The UK’s Federation of Bakers has dismissed calls from the Real Bread Campaign that processing aids used in bread baking should be labelled.
A recent survey conducted by the Real Bread Campaign found that more than 71% of the 1,300 Briton’s sampled believed it was unacceptable for processing aids used to enhance bake quality not to appear on the ingredients lists of loaves.
The European Union’s Food Information Regulations do not require food additives and food enzymes used as processing aids to be included in ingredients lists.
Not present in final product
Gordon Polson, director of the Federation of Bakers, said that processing aids were killed off by heat during the baking process so needn’t appear on packaging as the aids are not present in the finished product.
“It would be strange to label something that is not in the final product,” he said.
“If the people had an understanding what processing aids were and knew that they were not in the final product their view might be different. They probably did not have the situation explained to them properly,” he added.
However, Chris Young, project officer at the Real Bread Campaign, said processing aid residues or their by-products could remain in the final product and his organisation’s website claimed they could produce harmful effects.
He pointed to a study from the Professional Associations' Research Institute for Occupational Medicine in 2000 that found residues of the processing aid fungal alpha amylase, a known allergen, in the crusts of baked loaves. The study said the allergen was linked to baker's asthma, but said it was doubtful whether the enzyme could affect regular bread consumers.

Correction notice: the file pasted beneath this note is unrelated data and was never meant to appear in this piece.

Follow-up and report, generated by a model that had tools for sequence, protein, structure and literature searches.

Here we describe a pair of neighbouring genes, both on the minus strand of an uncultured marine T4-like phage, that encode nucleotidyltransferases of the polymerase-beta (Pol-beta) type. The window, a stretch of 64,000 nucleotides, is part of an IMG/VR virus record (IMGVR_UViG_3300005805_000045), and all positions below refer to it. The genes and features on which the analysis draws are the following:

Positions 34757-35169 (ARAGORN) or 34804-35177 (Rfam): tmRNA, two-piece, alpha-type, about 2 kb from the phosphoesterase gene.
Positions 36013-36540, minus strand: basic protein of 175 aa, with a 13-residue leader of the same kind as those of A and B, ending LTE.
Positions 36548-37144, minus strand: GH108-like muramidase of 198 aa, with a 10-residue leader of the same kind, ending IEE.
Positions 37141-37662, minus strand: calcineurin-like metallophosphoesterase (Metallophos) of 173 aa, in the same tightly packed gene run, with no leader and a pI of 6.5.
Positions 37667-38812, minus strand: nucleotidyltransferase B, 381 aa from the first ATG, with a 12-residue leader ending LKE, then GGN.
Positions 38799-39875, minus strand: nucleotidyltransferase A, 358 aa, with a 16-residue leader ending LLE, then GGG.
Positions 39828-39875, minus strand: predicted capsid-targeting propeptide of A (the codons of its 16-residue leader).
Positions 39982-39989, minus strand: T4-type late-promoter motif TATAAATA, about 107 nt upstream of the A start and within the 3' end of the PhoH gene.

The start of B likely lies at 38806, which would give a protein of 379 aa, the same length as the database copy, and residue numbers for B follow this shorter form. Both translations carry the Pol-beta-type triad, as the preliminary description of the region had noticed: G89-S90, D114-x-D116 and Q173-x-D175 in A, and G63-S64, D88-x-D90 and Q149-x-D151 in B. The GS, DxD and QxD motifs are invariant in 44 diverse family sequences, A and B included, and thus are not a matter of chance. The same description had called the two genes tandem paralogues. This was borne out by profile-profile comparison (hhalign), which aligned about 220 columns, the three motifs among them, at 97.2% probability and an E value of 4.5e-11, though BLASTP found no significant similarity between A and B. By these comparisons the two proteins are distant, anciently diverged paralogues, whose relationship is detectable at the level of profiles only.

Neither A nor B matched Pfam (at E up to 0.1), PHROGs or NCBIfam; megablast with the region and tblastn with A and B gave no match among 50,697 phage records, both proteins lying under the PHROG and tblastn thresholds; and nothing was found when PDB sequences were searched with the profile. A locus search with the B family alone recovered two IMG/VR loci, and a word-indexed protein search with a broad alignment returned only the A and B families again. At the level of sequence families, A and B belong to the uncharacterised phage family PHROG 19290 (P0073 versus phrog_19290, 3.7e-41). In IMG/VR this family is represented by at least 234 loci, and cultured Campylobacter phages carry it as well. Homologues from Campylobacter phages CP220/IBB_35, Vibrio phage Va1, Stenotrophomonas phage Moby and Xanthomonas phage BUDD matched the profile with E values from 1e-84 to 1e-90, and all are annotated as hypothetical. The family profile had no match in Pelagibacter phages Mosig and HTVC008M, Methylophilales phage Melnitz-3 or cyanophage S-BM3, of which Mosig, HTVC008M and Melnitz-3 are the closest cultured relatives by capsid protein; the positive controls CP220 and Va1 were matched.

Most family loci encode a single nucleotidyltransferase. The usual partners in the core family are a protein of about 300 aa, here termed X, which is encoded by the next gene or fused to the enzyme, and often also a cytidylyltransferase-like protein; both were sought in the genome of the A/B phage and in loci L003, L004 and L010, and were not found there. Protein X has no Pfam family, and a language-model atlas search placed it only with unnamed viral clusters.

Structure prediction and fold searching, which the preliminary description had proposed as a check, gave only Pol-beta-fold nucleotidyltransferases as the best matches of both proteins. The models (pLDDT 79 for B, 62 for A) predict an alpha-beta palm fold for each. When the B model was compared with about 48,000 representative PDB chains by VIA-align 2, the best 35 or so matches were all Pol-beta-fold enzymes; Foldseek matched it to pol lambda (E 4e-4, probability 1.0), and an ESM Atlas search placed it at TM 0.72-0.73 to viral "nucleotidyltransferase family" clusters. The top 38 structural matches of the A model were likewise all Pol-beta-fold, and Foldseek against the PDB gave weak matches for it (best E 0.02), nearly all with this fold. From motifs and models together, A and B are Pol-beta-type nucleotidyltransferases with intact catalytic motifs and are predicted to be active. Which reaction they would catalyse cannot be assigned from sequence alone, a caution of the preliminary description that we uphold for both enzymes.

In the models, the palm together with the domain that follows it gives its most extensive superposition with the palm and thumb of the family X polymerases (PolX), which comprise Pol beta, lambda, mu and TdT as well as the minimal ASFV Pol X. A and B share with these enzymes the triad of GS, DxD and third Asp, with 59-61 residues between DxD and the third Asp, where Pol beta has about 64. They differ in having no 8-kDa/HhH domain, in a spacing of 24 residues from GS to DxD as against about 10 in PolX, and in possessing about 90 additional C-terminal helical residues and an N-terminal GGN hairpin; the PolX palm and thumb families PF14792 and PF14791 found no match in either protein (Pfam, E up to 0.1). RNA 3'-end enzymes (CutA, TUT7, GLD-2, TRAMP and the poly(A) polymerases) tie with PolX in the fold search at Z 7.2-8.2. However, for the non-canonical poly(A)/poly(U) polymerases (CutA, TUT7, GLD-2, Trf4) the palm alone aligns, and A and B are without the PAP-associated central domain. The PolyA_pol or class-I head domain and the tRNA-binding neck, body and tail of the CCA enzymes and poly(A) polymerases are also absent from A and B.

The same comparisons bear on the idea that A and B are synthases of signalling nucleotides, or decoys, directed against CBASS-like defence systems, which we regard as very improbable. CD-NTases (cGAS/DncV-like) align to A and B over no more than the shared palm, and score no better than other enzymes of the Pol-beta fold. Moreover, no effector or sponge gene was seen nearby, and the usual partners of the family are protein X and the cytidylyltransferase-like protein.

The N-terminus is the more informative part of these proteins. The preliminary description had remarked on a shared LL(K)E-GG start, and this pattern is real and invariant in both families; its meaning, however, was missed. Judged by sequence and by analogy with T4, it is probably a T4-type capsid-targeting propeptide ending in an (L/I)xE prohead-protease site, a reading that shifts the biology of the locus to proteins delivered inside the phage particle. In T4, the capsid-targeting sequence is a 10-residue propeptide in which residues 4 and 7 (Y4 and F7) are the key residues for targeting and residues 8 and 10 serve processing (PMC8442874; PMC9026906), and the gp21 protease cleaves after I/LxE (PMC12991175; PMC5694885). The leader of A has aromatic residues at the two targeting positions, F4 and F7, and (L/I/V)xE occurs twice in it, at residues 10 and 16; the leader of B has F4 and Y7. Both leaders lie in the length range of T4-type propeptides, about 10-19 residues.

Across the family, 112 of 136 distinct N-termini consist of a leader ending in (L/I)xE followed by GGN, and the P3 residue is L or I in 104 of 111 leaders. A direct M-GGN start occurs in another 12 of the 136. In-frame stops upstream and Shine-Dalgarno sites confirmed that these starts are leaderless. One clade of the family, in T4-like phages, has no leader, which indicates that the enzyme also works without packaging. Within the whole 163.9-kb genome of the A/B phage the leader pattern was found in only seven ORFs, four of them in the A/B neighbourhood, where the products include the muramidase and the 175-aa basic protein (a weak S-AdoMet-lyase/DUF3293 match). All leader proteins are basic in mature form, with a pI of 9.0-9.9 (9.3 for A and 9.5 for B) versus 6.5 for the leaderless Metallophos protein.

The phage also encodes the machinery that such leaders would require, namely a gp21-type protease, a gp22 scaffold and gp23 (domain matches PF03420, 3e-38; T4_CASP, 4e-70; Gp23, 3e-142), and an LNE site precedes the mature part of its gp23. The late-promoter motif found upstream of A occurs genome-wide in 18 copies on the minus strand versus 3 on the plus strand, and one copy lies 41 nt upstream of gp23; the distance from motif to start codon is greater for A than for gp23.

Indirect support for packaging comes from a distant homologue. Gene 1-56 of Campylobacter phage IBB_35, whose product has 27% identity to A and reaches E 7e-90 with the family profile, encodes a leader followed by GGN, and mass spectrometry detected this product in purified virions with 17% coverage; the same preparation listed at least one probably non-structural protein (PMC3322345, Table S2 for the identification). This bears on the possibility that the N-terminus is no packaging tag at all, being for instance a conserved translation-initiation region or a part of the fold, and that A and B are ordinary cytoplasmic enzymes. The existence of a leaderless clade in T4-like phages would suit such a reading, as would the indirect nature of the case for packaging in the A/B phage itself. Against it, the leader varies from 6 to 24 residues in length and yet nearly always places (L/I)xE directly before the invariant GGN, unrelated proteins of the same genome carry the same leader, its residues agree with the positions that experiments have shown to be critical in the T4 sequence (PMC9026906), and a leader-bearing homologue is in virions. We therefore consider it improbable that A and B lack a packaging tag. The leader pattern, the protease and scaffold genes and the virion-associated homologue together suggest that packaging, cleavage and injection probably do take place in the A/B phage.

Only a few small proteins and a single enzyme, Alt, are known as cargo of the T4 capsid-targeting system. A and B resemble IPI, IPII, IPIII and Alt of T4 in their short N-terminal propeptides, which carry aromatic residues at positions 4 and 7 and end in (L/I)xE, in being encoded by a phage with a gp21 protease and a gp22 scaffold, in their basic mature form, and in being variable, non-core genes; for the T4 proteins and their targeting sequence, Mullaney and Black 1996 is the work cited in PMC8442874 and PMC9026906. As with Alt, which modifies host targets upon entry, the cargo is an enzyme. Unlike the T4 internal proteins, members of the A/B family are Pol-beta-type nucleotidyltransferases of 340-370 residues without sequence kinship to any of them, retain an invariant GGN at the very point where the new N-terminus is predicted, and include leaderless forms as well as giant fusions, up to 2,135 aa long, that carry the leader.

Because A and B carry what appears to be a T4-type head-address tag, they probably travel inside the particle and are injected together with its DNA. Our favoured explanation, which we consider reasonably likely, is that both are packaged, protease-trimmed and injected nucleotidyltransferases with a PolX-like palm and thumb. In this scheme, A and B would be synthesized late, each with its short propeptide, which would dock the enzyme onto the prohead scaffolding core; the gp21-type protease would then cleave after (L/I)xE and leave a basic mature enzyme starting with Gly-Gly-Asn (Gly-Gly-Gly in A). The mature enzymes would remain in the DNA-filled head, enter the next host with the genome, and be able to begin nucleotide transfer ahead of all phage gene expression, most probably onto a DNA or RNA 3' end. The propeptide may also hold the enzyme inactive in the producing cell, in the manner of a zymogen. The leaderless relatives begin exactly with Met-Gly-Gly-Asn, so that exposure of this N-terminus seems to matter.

Polson said: “Fungal alpha amylase occurs naturally in wheat, therefore it could be present as a residue in all bread, including bread made by members of the Real Bread Campaign.“
Current legislation allows for processing aid residues to be present in the final product.
Young said: “We're saddened that that the proposed new EU regulation that was supposed to support the consumer's right to be able to make fully informed choices about the food they buy looks like it will perpetuate what we see as the processing aids loophole.”
“We would be interested to know if Mr Polson is able to give the British public an assurance that all members of the Federation of Bakers have tested every one of their products made using processing aids to ensure that no trace of either the processing aids remain. If not - when will they be carrying out tests in order to be able to give this reassurance?”
When asked for his response, Polson said: “The Federation of Bakers and its members work in accordance with the law and will continue to do so.”